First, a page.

- Bell Listening Exercise: Ring a bell, either a physical bell or one from an App or online, and ask your kid to close their eyes and listen to the vibration of the bell. Tell them to raise their hand once the ringing stops and pay attention to any other sounds they hear for about another minute. This is a simple but powerful exercise that shifts one’s attention to the present moment and the surroundings.
- Bedtime Mindfulness: Ask your child to lie in their bed, close their eyes, and bring their attention to various parts of their body. Start at the toes and slowly move up to the head. Here are some scripts that you can follow: 1, 2. This is a calming method to return to one’s body at the end of the day and develop a sense of gratitude for their body.
- Mindful Walks: Stroll through your neighborhood in silence for a few minutes and have your child pay attention to all the sounds they hear. Then have them report back what they heard. You can also guide them to other sensations such as the breeze through their hair or the crunching of the leaves as they walk. If your child is particularly active, you may ask them to run or skip and notice their increased heartbeat or breath.
- Mindful breathing and meditation: Ask your child to close their eyes and sit comfortably. Direct their attention to the sensation of breathing in and out. Ask them to put their hands on their stomach and feel the rise and fall of each breath. You can do this for about five cycles then guide them to any present feelings or thoughts. Tell them to observe those thoughts and feelings and let them go like a balloon. You can repeat this as many times as needed or possible. Here is a guided meditation.
- Soles of the Feet: This technique was developed by researchers to manage angst, anger and aggression. When faced with emotionally arousing situations, you can teach your child to redirect their attention and awareness to a neutral part of the body such as the soles of their feet. This technique helps calm and clear one’s mind during stressful and arousing situations. Here is a free download of a short step by step guide to the Soles of the Feet exercise to practice with your child.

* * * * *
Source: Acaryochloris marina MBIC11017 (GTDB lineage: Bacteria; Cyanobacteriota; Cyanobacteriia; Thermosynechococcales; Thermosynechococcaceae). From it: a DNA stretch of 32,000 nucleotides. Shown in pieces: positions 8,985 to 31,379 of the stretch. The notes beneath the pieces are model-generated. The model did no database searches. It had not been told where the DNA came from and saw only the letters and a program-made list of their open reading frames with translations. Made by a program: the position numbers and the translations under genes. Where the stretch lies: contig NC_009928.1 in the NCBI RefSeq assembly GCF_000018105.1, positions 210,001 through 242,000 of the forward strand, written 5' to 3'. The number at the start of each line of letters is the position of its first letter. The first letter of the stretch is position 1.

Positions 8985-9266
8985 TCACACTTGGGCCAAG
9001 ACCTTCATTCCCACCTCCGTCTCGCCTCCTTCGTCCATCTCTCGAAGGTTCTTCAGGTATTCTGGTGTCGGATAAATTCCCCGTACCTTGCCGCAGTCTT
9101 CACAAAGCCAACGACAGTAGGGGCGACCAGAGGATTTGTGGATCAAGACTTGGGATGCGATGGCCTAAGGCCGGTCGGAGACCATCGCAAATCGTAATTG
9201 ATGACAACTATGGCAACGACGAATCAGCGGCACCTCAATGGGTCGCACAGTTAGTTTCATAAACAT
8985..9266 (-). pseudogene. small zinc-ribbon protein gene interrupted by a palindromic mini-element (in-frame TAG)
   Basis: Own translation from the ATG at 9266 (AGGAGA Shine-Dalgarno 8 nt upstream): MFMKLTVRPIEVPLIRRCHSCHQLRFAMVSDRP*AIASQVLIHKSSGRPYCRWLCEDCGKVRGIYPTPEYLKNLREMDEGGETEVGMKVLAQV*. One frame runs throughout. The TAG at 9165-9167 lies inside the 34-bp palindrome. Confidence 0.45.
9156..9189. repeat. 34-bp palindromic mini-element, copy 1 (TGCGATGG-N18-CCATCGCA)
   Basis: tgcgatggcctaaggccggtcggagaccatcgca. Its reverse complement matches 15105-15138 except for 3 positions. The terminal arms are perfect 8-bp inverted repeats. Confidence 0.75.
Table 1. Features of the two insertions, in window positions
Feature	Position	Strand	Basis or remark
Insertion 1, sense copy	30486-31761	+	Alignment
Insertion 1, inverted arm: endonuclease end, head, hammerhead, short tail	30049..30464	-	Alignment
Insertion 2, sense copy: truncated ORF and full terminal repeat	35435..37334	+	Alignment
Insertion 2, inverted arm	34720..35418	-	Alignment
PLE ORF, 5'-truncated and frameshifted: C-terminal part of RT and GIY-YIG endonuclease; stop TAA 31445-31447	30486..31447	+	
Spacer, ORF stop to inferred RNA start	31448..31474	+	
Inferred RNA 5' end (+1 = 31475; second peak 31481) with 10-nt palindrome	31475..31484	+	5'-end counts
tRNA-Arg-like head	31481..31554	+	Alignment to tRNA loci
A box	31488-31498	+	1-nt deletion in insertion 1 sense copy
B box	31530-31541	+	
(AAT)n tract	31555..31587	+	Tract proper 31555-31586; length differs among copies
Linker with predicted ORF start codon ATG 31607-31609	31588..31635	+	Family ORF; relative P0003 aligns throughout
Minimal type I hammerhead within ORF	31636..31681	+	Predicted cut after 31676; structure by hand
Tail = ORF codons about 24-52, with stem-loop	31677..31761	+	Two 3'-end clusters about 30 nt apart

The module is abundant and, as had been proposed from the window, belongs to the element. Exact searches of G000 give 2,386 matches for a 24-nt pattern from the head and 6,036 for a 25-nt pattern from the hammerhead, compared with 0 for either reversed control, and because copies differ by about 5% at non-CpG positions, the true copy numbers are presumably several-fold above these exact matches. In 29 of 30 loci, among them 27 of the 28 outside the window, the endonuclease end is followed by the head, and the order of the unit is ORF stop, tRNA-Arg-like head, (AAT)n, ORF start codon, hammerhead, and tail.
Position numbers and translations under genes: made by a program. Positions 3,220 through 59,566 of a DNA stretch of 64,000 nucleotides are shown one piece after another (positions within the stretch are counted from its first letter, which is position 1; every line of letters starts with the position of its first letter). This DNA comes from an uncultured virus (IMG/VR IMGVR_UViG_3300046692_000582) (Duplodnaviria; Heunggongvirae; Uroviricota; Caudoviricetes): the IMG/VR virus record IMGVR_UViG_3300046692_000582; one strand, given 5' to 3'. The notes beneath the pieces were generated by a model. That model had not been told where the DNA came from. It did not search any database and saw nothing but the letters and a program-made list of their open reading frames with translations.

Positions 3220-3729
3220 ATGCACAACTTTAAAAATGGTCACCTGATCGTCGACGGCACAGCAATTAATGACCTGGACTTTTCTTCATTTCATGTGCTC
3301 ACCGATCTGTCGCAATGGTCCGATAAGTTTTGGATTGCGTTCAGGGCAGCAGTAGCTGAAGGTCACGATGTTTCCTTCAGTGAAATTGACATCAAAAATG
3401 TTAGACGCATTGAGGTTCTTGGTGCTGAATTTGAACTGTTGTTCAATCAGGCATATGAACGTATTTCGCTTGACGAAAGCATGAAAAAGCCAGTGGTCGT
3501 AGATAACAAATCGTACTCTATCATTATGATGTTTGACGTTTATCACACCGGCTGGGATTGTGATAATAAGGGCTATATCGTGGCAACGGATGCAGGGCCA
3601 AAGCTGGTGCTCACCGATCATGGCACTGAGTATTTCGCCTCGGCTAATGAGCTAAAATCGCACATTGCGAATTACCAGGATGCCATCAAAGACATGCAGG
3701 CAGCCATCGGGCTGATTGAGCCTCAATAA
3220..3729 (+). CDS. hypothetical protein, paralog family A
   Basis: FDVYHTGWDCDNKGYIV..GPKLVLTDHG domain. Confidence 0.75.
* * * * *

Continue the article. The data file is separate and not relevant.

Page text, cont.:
- Glitter Jar: Fill a clear jar with water, some glitter, and glycerin or baby oil. A snow globe would be equally great for this activity. Particularly when your child is having a stressful day, ask them to shake up the jar and watch as the glitter settles after swirling chaos. This technique allows for a powerful metaphor that relates the internal state of the mind to a visual object. Here is a script that can be followed and adapted.
Benn, R., Akiva, T., Arel, S., & Roeser, R. W. (2012). Mindfulness training effects for parents and educators of children with special needs. Developmental Psychology, 48(5), 1476.
Hölzel, B. K., Lazar, S. W., Gard, T., Schuman-Olivier, Z., Vago, D. R., & Ott, U. (2011). How does mindfulness meditation work? Proposing mechanisms of action from a conceptual and neural perspective. Perspectives on psychological science, 6(6), 537-559.
Keenan-Mount, R., Albrecht, N. J., & Waters, L. (2016). Mindfulness-based approaches for young people with Autism Spectrum Disorder and their caregivers: Do these approaches hold benefits for teachers? Australian Journal of Teacher Education, 41(6), 5.
Singh, N. N., Lancioni, G. E., Manikam, R., Winton, A. S., Singh, A. N., Singh, J., & Singh, A. D. (2011). A mindfulness-based strategy for self-management of aggressive behavior in adolescents with autism. Research in Autism Spectrum Disorders, 5(3), 1153-1158.